Amidst widespread negative views on human rights in the UK, public opinion research can help improve outreach strategies. A contribution to the openGlobalRights debate, Public Opinion and Human Rights. Español, Français
Since the early May election, human rights chatter has taken over the United Kingdom (UK). The Conservatives, now in a parliamentary majority, hope to repeal the Human Rights Act of 1998, which gives citizens the ability to raise human rights cases in UK courts, and change Britain’s relationship with the European Court of Human Rights. The pro-human rights camp, for its part, is mobilizing to counter this message.
Research shows, however, that pro-human rights ideas are not getting through to the general public. To up their game, advocates must invest in more and better research, and use the results to reframe their work. Taking audience insight research and turning it into effective communication with human rights sceptics is a significant, but necessary, challenge.
An analysis of human rights discourse by Counterpoint, the Public Interest Research Center (PIRC) and my organization, Equally Ours, shows that in the UK, media narratives typically link human rights to “undeserving” groups and to anti-European views. The media portrays human rights as undermining, rather than enhancing, traditional freedoms, and as purely legal protections, rather than as tools to empower citizens.
Figure 1: % Positive and negative messages about human rights in the UK media, 2013
Source: Building Bridges: Connecting with values to reframe and build support for human rights. Contact email@example.com for a copy.
Consider Figure 1, which analyses human rights messages appearing in broadsheet and tabloid UK newspapers, political blogs and parliamentary speeches in 2013. Researchers identified, classified and measured the frequency of positive and negative frames, and compared their frequency across the media in England, Scotland, Wales and Northern Ireland.
As Figure 1 suggests, the UK human rights conversation that year was overwhelmingly negative. The most frequently repeated frame was that UK human rights protections decrease national security, closely followed by the view that human rights reduce the UK’s sovereignty.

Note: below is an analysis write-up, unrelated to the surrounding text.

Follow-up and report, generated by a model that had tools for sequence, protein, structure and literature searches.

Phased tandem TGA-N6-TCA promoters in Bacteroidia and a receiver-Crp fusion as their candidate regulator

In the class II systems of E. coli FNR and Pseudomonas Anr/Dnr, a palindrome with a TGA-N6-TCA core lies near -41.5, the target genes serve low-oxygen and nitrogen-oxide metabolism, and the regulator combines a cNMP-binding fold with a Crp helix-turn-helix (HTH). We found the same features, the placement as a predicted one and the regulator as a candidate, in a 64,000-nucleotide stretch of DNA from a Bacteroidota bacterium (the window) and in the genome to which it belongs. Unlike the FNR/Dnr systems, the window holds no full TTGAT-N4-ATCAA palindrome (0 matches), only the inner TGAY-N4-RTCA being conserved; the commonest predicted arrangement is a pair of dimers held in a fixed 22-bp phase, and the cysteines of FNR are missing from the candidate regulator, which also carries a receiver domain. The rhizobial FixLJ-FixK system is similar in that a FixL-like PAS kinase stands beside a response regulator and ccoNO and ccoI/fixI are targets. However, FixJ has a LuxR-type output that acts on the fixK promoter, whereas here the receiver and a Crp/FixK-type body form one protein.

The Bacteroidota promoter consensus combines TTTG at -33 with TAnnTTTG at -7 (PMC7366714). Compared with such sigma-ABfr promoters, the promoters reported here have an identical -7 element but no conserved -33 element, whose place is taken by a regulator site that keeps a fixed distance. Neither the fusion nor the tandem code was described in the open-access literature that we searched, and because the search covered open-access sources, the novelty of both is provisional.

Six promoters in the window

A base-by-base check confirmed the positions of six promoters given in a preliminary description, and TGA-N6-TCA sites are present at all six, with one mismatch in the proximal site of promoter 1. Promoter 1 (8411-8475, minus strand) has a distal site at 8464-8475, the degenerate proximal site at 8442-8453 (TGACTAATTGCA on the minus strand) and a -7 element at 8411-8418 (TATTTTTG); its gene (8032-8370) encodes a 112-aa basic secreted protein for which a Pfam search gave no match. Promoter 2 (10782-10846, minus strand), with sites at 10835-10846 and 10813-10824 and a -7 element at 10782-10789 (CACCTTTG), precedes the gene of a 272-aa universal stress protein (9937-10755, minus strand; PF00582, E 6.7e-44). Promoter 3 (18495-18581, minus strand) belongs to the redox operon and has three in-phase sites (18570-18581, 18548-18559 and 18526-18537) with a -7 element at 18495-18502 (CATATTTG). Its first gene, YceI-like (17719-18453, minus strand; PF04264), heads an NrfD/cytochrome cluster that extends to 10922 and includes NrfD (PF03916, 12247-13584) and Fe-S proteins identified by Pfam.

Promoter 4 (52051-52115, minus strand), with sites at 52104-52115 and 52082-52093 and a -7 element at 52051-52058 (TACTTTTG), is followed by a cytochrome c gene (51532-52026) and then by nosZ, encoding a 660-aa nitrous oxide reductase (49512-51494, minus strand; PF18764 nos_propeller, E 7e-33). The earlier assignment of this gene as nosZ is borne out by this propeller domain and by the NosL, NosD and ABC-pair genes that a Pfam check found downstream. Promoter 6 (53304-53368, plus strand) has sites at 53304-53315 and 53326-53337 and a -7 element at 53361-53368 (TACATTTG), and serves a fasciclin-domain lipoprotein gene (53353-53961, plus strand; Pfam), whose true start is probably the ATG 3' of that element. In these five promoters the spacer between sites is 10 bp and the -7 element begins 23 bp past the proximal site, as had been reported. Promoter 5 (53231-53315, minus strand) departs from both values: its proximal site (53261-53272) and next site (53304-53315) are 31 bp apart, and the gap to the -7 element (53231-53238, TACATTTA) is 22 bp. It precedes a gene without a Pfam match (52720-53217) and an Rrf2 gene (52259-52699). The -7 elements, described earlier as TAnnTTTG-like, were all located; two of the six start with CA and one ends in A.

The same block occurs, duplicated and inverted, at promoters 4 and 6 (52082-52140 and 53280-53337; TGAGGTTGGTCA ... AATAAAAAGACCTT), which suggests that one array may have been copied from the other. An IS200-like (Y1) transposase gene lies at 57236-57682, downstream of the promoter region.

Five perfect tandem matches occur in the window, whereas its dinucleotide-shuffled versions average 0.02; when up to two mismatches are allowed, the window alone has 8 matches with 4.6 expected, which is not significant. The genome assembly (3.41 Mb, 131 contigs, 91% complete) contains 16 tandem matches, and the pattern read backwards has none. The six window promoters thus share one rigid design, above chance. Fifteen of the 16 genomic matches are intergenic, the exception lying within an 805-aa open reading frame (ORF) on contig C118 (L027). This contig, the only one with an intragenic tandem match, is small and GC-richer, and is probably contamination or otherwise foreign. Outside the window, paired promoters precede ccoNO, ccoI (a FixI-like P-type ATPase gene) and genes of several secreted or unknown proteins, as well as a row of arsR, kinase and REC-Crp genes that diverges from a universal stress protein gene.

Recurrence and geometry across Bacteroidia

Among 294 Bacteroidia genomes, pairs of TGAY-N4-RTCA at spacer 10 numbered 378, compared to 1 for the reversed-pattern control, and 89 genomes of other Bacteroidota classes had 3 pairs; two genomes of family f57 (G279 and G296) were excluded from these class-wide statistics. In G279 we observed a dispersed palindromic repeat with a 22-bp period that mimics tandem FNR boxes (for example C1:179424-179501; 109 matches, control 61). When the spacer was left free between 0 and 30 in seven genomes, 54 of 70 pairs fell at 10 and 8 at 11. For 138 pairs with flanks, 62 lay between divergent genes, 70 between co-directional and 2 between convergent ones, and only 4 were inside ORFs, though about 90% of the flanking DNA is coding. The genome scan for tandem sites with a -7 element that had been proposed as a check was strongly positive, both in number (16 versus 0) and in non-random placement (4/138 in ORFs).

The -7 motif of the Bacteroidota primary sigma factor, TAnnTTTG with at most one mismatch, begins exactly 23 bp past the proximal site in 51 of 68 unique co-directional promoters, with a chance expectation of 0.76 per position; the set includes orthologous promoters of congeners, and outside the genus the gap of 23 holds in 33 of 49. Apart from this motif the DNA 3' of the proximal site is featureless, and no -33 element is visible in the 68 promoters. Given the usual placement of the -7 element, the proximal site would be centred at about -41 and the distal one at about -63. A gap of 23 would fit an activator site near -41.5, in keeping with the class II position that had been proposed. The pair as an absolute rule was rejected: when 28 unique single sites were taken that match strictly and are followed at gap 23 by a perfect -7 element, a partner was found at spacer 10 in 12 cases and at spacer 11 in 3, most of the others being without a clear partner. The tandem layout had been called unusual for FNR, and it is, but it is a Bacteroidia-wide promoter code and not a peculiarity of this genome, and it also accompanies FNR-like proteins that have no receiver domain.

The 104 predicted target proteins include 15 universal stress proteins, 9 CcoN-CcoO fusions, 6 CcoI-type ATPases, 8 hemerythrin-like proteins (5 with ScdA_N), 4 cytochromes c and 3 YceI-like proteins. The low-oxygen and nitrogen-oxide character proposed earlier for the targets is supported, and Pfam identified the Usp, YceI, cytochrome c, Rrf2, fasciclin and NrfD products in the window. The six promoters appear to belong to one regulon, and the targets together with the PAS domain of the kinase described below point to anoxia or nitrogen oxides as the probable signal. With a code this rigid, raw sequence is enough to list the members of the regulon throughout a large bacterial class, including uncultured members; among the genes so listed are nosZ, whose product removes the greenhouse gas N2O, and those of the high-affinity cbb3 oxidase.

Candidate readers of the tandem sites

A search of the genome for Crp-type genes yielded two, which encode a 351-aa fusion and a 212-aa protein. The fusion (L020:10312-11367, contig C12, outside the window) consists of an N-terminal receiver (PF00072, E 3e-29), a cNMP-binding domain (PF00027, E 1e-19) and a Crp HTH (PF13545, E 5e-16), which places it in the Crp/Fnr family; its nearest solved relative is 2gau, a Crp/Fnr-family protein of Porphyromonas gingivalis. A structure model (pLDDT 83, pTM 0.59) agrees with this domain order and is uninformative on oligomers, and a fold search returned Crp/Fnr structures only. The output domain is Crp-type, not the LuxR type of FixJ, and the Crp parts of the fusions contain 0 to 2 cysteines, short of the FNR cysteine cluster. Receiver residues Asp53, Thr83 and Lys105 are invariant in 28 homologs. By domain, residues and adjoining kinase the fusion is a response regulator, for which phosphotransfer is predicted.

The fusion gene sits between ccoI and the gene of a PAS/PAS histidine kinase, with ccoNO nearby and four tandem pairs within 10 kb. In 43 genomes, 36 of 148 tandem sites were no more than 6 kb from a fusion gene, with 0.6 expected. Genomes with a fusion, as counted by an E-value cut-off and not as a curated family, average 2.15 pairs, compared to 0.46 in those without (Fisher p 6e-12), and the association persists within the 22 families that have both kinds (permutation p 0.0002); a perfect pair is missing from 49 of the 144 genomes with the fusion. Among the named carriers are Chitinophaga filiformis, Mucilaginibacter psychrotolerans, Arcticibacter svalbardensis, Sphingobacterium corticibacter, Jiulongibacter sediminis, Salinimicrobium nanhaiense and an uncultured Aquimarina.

The frames shown in green are positive about human rights. They are not used very frequently; the most common is that human rights laws “protect our basic rights”, a frame that research at Equally Ours suggests isn’t the most persuasive. Instead, our polling shows that when advocates argue that, “everyone has human rights”, they do a better job of persuading sceptics that human rights are good. The media analysis, in other words, suggests that human rights groups should shift their focus to speak about human rights in more effective ways.
Our analysis of the “everyone has human rights” frame shows that this message triggers intrinsic values that build greater public support for social justice.
Amnesty International UK’s Keep the Act campaign is the kind of research-based campaign we advocate. The research showed that when advocates link the Human Rights Act to ordinary people and everyday concerns, this is more persuasive than citing international or legal standards. Building on our research, Amnesty identified a growing UK cohort that is positive or persuadable about human rights, especially when linked to things they already care about. With the help of advanced statistical analysis, we uncovered messages that target audiences agree with, and that make people feel more positive towards human rights overall.